Some shortcomings of the Mk 1 variants were emerging. Also, we did not have enough of them, and 36 Sqn at Topcliffe and 217 at Kinloss were equipped with Neptune P2V5s as a stop gap, pending delivery of more Shackletons. However, the situation was exacerbated in later years, when the Americans, in a fit of pique about the Suez adventure in 1956, demanded their Neptunes back, earlier than had been originally planned and agreed. (It was not their war, so they were not going to play). Anyway, an amended Requirement had been issued in high hopes of solving all the Shackleton Mk 1 problems in 1950, and the first true prototype Mk 2 flew in June 1952. This was after several ‘modded’ Mk 1 experiments had helped the evolutionary process. The first ‘real’ Mk 2 and the only real prototype, was WB833, getting airborne from Woodford on 17 June 1952. This aircraft had the 20mm nose turret guns and the mid-upper, so beloved of former air gunners turned signallers. As I write these words, I can see on my study wall, a Water Colour of just such an example, painted by Tony Dowling and wearing the markings of ‘D’, WL 727, of 42 Squadron, dated 1983. That must have been the date of the painting, not the operation of the aircraft.

An order for twenty (more) Mk 1 aircraft was amended half-way through delivery to Mk 2s, after about 20 Mk 1s had been built. ( Note: I was not married at that time, but had I been, I would have been convinced that my mother-in-law was, and had been for some time, Head of Procurements at the then Air Ministry)... A later, new Order, was then made for lots more (40 is rumoured) Mk 2s. The first of the new batch, WL737 flew on 17 November 1952. At that time, NONE of the ten already built had yet been allocated to Squadrons! It was a bit like those television cooking programmes - ‘now here is one that we built earlier’ – but nobody getting to taste the new job. Eventually, bodies like Manby , Boscombe Down, Farnborough etc, gave up some. Only two, WG 557 and 558, went direct to squadrons; after which we had to wait for the WL series of Mk 2s. This took some years of trials and faffing about by my Ma-in Law.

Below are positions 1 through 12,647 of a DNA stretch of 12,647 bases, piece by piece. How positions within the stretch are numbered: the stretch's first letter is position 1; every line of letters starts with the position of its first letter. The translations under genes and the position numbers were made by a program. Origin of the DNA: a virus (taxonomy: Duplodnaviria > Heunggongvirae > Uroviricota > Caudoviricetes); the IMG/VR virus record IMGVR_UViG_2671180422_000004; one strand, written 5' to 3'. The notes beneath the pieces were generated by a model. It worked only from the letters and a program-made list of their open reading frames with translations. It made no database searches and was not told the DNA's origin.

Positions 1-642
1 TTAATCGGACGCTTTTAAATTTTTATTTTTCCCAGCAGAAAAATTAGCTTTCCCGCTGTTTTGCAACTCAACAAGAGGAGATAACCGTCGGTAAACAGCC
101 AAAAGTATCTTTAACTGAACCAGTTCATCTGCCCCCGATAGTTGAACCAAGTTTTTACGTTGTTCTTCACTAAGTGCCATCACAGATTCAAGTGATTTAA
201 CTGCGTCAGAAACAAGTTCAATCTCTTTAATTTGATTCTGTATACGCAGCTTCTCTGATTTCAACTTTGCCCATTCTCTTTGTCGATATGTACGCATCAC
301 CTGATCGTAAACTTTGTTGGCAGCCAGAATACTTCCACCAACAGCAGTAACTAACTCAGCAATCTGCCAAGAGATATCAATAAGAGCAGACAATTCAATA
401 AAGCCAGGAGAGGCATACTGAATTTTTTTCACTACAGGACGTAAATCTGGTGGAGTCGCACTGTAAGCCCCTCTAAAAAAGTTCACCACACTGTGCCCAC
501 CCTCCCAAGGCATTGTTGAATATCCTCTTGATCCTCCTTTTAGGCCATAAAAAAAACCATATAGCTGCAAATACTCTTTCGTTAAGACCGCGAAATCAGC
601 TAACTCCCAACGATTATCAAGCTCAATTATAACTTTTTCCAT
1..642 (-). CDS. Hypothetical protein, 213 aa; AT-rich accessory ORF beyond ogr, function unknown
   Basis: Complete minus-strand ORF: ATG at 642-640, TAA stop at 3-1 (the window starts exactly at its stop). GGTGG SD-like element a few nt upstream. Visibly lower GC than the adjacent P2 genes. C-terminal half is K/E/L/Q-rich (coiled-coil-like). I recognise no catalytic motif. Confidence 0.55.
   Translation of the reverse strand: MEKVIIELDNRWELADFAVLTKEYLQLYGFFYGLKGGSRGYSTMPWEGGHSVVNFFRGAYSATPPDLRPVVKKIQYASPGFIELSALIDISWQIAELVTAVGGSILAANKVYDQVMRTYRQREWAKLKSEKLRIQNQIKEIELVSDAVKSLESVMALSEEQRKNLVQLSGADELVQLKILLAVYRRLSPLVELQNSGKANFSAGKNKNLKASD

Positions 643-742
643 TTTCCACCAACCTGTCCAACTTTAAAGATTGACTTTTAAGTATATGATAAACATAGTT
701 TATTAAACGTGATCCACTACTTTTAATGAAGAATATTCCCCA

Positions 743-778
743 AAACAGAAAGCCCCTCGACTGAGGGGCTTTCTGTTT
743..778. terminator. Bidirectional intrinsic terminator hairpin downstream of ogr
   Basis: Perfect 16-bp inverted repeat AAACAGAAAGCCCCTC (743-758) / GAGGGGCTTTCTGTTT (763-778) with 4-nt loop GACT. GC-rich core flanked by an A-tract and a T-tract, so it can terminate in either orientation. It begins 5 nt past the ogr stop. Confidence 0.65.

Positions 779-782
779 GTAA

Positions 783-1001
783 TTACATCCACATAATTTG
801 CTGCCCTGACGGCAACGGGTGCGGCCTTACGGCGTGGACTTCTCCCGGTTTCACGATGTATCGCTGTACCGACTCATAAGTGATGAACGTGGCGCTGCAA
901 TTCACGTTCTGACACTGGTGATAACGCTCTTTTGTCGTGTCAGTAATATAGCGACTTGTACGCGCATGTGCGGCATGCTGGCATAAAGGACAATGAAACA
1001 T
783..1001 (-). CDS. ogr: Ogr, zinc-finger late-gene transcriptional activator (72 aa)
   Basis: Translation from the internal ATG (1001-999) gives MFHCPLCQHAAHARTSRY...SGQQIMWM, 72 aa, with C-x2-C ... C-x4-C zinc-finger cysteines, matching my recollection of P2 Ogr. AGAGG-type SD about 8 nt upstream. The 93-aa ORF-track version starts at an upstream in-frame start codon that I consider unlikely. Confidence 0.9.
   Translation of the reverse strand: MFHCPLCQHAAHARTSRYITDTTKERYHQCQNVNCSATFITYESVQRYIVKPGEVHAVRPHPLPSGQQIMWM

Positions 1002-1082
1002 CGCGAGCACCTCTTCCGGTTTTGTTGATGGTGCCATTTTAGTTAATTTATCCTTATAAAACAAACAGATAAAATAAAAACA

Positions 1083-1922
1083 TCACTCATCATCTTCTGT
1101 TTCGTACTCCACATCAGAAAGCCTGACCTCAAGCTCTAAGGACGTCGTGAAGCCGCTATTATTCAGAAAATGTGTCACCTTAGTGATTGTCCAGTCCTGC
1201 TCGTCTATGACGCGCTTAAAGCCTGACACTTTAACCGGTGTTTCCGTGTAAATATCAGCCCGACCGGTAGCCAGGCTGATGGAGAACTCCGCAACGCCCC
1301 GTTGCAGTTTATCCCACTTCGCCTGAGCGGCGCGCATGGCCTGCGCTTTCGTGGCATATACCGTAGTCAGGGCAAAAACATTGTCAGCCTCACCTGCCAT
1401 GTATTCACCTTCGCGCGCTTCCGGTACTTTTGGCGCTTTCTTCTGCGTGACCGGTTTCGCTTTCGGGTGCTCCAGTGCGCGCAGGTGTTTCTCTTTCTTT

Eventually Mk 2s were delivered to 38, 42,120, 204, 206 and 210 Sqns. It is interesting to note that the thirteenth aircraft of the latest batch of that time, WL749, which was issued to 120 Sqn at Aldergrove on 20th April 1953, was probably the shortest-lived squadron aircraft. On 14 May of that same year, it was landed short of the runway at Aldergrove; its port undercarriage collapsed and the aircraft finished its operational life in the runway controller’s caravan (no injuries apart from the customary bruises from being pushed out (of the way) by large, frightened crew members). The aircraft was struck off charge immediately and became an airframe for component spares, although without the more insidious Christmas Tree syndrome. 205 Sqn, who had re-equipped from Sunderlands to Mk 1 Shacks, also got Mk 2s, but I don’t know when. Similarly, 37, moving from Malta to Aden, went through the change (ma-in-law again) before leaving Malta, some time in the late 50s, but the dates escape me. Until I joined 38 in late 1962, I had been instructed by old hairies not to have any truck with squadrons with only two digits to their number; something to do with ‘that lot wot got the railway engine plaque for a time’, I think. Anyway, the result was a bit of a hotchpotch of Mk1s and 2s, so by 1954, ‘it was decided’ to rationalise to ‘one squadron, one type’ philosophy. This certainly did not work out everywhere. 220, in 1956/8 and 204 in 1960/2 had mixtures of 1s and 2s. See later for exciting news about when 220/201 started getting Mk 3s.